Filled with character, old-growth cypress has eccentric grain markings and ages to grayish-brown when reclaimed. It offers dimension stability.

Unique Accents With Reclaimed Wood Backsplashes

Beyond the wood itself, additional touches can make a reclaimed wood backsplash stand out:

Distressed Details

Highlight nicks, wormholes, stains, and cracks for authenticity instead of flawless boards. The imperfections tell a story.

Dynamic Dimensions

Vary reclaimed board widths from 4 inches up to 12 inches. Contrast skinny and wide planks. Also stagger lengths.

Natural Edge Boards

Occasional boards with live edges showing bark and shape contours add drama. Work these in strategically.

Mixed Finishes

Combine reclaimed boards with different stains, paint colors, or natural oil finishes for eclectic appeal.

Found Items

Affix salvaged latches, hinges, door knobs, log slices, or wine crate pieces as decorative touches.

Lighting Accents

Install vintage-style filament bulbs or modern LED strip lighting to highlight textural details. Illuminate boards from above or below.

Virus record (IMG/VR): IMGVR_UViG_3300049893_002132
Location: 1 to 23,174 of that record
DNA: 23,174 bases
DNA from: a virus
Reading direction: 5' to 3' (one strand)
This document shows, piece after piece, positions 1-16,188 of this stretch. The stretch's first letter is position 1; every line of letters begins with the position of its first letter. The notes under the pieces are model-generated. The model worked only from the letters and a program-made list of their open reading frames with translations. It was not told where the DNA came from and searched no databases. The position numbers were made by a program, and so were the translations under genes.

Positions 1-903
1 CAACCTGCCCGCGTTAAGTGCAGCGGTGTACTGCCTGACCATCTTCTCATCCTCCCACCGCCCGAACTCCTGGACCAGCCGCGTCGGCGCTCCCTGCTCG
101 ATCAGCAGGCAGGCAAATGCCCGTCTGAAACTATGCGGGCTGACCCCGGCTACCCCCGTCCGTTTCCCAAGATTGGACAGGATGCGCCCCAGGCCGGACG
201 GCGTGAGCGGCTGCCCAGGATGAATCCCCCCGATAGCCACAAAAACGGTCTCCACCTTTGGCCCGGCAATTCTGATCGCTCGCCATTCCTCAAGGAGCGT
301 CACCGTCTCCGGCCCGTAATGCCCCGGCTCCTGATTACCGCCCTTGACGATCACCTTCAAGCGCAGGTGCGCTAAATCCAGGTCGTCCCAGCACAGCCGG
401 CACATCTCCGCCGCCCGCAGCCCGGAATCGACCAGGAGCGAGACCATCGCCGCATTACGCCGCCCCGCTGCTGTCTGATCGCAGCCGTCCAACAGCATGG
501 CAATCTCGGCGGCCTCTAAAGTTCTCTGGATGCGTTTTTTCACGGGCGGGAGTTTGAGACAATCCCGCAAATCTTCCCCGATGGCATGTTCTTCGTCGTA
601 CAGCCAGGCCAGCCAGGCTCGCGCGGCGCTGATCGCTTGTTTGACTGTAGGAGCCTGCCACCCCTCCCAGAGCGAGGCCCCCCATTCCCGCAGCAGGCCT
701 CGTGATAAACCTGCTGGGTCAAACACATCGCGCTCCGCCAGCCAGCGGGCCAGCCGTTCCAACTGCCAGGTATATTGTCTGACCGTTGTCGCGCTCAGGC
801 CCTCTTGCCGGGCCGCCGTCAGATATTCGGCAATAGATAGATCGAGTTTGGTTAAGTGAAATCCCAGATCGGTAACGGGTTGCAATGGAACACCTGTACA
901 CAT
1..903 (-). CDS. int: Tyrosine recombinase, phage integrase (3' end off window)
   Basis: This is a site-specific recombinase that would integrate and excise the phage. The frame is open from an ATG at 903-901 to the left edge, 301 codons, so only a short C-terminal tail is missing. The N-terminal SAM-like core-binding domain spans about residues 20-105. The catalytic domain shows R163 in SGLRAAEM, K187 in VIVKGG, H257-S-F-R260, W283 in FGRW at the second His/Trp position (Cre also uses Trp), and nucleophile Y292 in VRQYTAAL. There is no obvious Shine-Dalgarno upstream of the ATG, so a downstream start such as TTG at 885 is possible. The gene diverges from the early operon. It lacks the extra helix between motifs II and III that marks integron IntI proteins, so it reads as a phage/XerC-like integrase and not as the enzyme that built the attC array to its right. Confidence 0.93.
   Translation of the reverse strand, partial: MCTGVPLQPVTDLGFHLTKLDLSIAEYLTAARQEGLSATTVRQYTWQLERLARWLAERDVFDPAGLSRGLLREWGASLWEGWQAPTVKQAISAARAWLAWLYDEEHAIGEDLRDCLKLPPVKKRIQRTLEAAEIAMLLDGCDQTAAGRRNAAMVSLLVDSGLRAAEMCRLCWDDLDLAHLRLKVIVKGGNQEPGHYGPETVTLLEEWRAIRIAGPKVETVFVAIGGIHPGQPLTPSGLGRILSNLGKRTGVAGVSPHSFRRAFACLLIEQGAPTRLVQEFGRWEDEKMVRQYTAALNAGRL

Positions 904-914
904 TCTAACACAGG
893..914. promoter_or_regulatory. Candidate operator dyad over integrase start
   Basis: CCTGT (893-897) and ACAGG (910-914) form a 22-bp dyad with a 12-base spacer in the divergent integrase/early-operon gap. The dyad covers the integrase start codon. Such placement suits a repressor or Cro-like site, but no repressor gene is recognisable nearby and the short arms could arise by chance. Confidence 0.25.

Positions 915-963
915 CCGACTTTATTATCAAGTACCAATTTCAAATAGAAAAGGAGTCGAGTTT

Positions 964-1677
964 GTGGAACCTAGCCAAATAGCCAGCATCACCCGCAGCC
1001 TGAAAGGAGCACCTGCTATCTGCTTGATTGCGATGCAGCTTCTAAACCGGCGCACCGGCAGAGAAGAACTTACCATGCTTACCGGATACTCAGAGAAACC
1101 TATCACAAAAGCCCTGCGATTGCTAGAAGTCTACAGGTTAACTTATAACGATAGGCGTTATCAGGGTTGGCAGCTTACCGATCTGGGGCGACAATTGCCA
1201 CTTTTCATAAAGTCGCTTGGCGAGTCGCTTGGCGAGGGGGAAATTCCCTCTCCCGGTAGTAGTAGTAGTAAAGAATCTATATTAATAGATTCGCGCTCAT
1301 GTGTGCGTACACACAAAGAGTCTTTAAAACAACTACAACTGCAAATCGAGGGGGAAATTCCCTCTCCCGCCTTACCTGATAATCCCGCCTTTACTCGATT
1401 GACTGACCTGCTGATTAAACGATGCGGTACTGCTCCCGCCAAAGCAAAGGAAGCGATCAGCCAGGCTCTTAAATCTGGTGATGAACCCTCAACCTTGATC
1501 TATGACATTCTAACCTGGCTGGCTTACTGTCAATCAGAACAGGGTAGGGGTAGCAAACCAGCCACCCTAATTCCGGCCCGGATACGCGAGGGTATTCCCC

Sourcing Quality Reclaimed Wood

Finding authentic, high-grade reclaimed wood takes some sleuthing. Follow these sourcing tips:

Check Local Salvage Yards

Architectural salvagers inspect buildings slated for demolition and reclaim materials. Their inventory constantly rotates.

Search Online Marketplaces

Etsy, eBay, and specialty sites like Elmwood Reclaimed Timber offer curated reclaimed wood for order. Review seller feedback.

Contact Reclamation Experts

Longstanding warehouses like Carolina Heart Pine, Goodwin Company, and TerraMai Reclaimed Woods employ experts to assess and mill old woods.

Find Barns or Fallen Trees

Check with arborists, tree removal services, and rural landowners for access to old barns, fallen trees, and other potential wood sources.

Verify Quality

Ask detailed questions about origin, grading standards, milling, moisture content, and sourcing practices. Request samples and close-up photos before purchasing.

Plan for Added Lead Time

Give yourself extra sourcing and delivery time, especially for large projects or rare wood types. Be ready to adapt designs to the available boards.

Inspiring Examples of Reclaimed Wood Backsplashes

Some stunning kitchens showcase creative uses of salvaged wood backsplashes:

This light-filled kitchen combines a reclaimed pine backsplash with marble countertops and open shelves for a refined farmhouse style. The varied plank widths, exposed pipe shelves, and brass accents keep the look contemporary:

Reclaimed wood backsplash with marble countertops and brass accents

Whitewashed reclaimed oak in a chevron pattern makes the perfect complement to concrete floors and stainless steel appliances in this chic, modern kitchen:

Whitewashed reclaimed wood chevron backsplash